With Nov. 6 elections in the United States just around the corner, officials at the U.S. Embassy and volunteers from the two major political parties are urging voting-age Americans in Russia to get registered and cast their ballots as soon as possible.
Long mailing times and state-specific voting requirements mean that there's no time to waste, so get educated about your state's regulations and cast your vote, voting advocates said.
"There are 51 ways of actually doing this," Andrew Hardisty, chairman of Democrats Abroad in Russia, said in reference to voting regulations, which vary by state. "We cannot simply go to the U.S. Embassy on Election Day and vote for president."
Absentee voters must register with their local voting registrar, request a ballot and place their vote before their state's multiple deadlines. For this reason, the federal government recommends that overseas voters cast their ballots at least four weeks before the election.
Fortunately, increasingly tech-savvy state and local voting authorities are making it easier than ever to vote. Connecticut, for example, allows voters to register and receive their ballots by e-mail. All states provide ballots by e-mail.
"Some states are more restrictive than others," Hardisty said. Less restrictive states "even allow you to vote by faxing in your ballot."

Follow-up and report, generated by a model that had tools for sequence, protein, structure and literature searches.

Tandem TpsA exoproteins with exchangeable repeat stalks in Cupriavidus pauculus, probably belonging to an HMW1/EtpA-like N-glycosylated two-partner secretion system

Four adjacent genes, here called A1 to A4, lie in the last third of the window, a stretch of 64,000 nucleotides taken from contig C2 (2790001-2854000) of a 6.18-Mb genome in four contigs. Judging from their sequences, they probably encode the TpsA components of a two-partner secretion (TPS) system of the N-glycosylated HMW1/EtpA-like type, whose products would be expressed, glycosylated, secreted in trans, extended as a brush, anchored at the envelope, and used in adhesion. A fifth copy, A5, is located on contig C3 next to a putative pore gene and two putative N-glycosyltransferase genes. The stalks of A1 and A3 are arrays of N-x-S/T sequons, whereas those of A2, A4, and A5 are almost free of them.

The U.S. Embassy in Moscow will be hosting an event at the American Center during the week of Sept. 30 to Oct. 6 to provide information to people who have not registered to vote or applied for their absentee ballot.
They'll also be collecting completed ballots and delivering them through the diplomatic pouch, which guarantees their safe delivery.
Democrats Abroad will be answering questions and handing out registration and absentee ballot request forms at Starlite Diner near the Chekhovskaya metro station on Thursday at 7 p.m. and Saturday at noon.
By all accounts, voters are charged-up for this year's election, headlined by the contest between President Barack Obama and his Republican challenger, Mitt Romney.
"I think turnout's going to be very high this year," Joe Rice Johnson III, chairman of Republicans Abroad in Russia and Georgia, said by telephone from Florida.
Obama and Romney have sparred over America's policy toward Russia, with Obama touting his "reset," which has produced the START II missile defense treaty and new agreements on bilateral visas and adoptions, and Romney accusing Obama of being too soft on Russia.
At the Republican National Convention last month, Romney pledged to show President Vladimir Putin "a little less flexibility and more backbone," a reference to an incident in March in which Obama was overheard telling then-President Dmitry Medvedev that he would have "more flexibility" in missile defense and other issues after the election.
Obama fired back by accusing Romney of being "stuck in a Cold War mind warp," citing an interview in which Romney referred to Russia as America's "No. 1 geopolitical foe."
For more information and a step-by-step voting guide, visit the
Putin told RT last week that he could work with "whomever the American people elect as president," but added that Russia's effort would "only be as efficient as our partners allow it to be."